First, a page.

See where this gets complicated? Its all on a continuum and there is no determined moment in history when humans and their environment were perfectly suited for one another. Why select the hunter-gatherer lifestyle as the one to follow? Given it was a lifestyle that lasted for so long, do you chose to follow the hunter-gatherers who used bow & arrows, spears, or just rocks? The tool use, the knowledge of fire, etc. all developed in the period we were hunting and gathering which all greatly affect the sort of exercise and types of food we were eating then. Less running with bows and arrows, bigger game kills which means heavier lifting, etc.

So we suppose to have the unsatisfactory answer that there is no one best form of exercise. Our ancestral heritage greatly affects our genes when it comes to the enzymes, bacteria, endurance, etc. that is within in bodies. Therefore someone with Northern European heritage may not be as good as long distance running but better at digesting lactose than another individual from East Africa or South America. There is no universal human being— there never has been— so when people say that everyone’s diet and workout should be personalized, there really is something to that.

We would general suggest that variety is important between strength training, intensive cardio, and endurance cardio. Remember to stretch, to rest your muscles, to do different exercises, and to eat well— even if its not like a caveman! Rapid evolution does occur and we cannot assume that exercising and eating like homo sapiens did thousands of years ago is what our bodies today need the most.

Study: All That Cardio Is Actually Making You Fat

For those that hate spending hours on the eleptical or the treadmill pounding away the miles, your excuse to step down has arrived. The Denver Post breaks down exactly what’s wrong with your boring and time consuming running routine.

Doing the same intensity aerobic conditioning, or cardio, will make your body more efficient at burning calories at that pace. Your body adapts and becomes smarter in how it uses its fuel.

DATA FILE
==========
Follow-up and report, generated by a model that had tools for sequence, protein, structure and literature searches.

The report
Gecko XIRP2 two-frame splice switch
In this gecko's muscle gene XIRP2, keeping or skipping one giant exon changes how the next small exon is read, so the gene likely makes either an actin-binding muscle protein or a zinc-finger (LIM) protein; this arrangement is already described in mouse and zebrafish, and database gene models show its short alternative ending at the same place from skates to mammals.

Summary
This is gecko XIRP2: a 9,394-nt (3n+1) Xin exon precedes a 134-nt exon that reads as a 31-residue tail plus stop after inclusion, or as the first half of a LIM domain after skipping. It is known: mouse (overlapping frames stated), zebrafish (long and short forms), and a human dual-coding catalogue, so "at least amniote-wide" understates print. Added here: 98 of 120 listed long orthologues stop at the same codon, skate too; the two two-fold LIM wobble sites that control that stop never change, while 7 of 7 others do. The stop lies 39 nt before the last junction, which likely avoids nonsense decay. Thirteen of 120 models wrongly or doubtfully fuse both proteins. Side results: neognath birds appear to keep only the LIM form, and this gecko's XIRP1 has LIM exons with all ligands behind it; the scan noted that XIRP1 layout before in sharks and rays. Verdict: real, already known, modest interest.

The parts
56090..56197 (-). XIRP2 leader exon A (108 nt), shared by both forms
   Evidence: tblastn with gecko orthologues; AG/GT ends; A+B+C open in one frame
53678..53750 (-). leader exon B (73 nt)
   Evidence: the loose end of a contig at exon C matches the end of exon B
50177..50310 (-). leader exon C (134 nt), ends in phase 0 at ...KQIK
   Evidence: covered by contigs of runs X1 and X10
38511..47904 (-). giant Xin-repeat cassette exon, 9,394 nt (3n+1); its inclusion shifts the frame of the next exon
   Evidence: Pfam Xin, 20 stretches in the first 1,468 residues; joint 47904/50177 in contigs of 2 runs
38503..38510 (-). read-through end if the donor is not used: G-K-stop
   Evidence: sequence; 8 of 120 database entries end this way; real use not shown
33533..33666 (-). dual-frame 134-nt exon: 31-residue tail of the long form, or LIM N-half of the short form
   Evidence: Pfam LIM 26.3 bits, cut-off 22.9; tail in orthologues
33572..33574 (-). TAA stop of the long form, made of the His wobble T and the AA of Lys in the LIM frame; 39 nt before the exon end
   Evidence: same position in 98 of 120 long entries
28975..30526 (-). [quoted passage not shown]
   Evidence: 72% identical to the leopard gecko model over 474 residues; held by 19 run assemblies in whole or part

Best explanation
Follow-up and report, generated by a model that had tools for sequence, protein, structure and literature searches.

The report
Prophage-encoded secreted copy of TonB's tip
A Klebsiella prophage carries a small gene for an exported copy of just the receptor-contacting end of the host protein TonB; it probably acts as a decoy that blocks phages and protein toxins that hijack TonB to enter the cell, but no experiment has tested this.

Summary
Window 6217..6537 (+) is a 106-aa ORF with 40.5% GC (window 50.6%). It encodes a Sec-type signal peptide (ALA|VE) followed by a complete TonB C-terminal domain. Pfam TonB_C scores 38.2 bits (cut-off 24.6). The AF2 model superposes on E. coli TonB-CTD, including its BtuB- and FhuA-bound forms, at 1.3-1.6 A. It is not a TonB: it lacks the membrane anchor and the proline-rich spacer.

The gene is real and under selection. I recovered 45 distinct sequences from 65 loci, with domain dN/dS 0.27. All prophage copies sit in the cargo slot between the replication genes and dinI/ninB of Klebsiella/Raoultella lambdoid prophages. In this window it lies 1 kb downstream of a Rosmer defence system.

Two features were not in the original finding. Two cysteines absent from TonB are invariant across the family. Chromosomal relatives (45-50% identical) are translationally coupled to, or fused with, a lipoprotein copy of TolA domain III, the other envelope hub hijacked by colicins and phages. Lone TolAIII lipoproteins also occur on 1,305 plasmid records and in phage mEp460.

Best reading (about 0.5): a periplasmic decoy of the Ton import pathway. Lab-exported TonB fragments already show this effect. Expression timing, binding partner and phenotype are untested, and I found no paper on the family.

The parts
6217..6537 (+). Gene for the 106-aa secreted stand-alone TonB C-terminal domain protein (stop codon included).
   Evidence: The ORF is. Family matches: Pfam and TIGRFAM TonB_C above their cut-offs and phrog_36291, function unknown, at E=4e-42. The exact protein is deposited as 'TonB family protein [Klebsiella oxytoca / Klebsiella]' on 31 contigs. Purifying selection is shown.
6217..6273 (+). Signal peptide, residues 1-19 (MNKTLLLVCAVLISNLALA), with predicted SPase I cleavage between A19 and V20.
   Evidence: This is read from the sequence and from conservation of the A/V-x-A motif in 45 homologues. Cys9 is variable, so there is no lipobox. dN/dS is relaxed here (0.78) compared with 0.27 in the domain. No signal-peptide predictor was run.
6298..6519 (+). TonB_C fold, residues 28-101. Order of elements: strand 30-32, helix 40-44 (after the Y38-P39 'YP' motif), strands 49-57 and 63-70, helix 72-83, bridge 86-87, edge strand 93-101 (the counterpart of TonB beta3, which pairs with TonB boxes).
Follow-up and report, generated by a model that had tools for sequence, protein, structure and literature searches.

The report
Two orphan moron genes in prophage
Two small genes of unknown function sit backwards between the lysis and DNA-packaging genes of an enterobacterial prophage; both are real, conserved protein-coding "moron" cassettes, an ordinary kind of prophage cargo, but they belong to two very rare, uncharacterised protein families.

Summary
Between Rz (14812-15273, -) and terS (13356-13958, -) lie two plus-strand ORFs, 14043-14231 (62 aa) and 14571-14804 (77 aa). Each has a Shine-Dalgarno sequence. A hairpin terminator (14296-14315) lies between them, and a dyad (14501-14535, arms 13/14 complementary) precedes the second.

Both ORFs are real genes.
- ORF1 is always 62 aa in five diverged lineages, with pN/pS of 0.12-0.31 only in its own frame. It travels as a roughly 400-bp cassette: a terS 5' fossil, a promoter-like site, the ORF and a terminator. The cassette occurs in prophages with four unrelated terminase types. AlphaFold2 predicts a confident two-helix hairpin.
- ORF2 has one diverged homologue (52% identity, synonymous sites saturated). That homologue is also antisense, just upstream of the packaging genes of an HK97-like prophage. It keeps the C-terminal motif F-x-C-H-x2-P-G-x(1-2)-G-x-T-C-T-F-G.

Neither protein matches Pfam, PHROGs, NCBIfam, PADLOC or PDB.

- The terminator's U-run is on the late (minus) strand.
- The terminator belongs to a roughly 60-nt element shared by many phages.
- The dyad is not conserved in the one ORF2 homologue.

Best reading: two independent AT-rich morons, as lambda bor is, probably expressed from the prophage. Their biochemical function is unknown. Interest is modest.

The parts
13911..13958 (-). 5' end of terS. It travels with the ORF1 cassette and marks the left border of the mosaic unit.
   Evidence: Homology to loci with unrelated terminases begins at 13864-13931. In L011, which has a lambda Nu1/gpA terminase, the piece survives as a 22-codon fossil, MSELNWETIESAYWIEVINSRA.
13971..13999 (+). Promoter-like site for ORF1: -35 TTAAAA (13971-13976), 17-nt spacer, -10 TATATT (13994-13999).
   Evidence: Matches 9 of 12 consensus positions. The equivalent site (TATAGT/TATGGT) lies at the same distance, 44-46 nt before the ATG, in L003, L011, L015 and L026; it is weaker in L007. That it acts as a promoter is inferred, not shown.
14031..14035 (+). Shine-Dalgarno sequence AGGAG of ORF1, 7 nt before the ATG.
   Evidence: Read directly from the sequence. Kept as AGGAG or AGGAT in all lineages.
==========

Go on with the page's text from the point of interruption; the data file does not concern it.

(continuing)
That’s right, that boring cardio you hate doing despite the lies you tell others about your “runner’s high” is actually keeping you from losing weight, the exact opposite of what the entire point is for those trying to trim down.

But wait, there’s more. Another study claims that jogging long distances at the same time every day does the following:

  1. Causes a stress reaction (cortisol release) right before you go running that makes your body grab onto fat and hold it cause stress means your body is afraid.
  2. Makes you hungrier after you run. People usually then “end up eating an average of 100 calories more than they just burned off.” Not good!
  3. Causes your body to literally burn muscle instead of fat. Fat is for survival and the body is willing to burn muscle in order to save up fat. Less muscle means a lowered metabolism!
  4. Makes you super efficient at burning calories so that you can do the same exercise while burning fewer calories. Again, the total opposite of what you want for losing weight.

Okay, okay, so what are you supposed to do? I mean, this is exactly the opposite of what everyone says about running. If my monotonous running routine is causing me to create cortisol, become super efficient at burning fewer calories, and making me hungrier than I should be all while destroying my joints then what do I do?

Simple answer, you need to lift weights and run intervals, high intensity sprints that are short and hard. This builds muscle while avoiding the fat holding stress reaction and muscle burning nightmare that is long term jogging. It’s also better for your joints and takes less time. Best of all, it’s far less boring!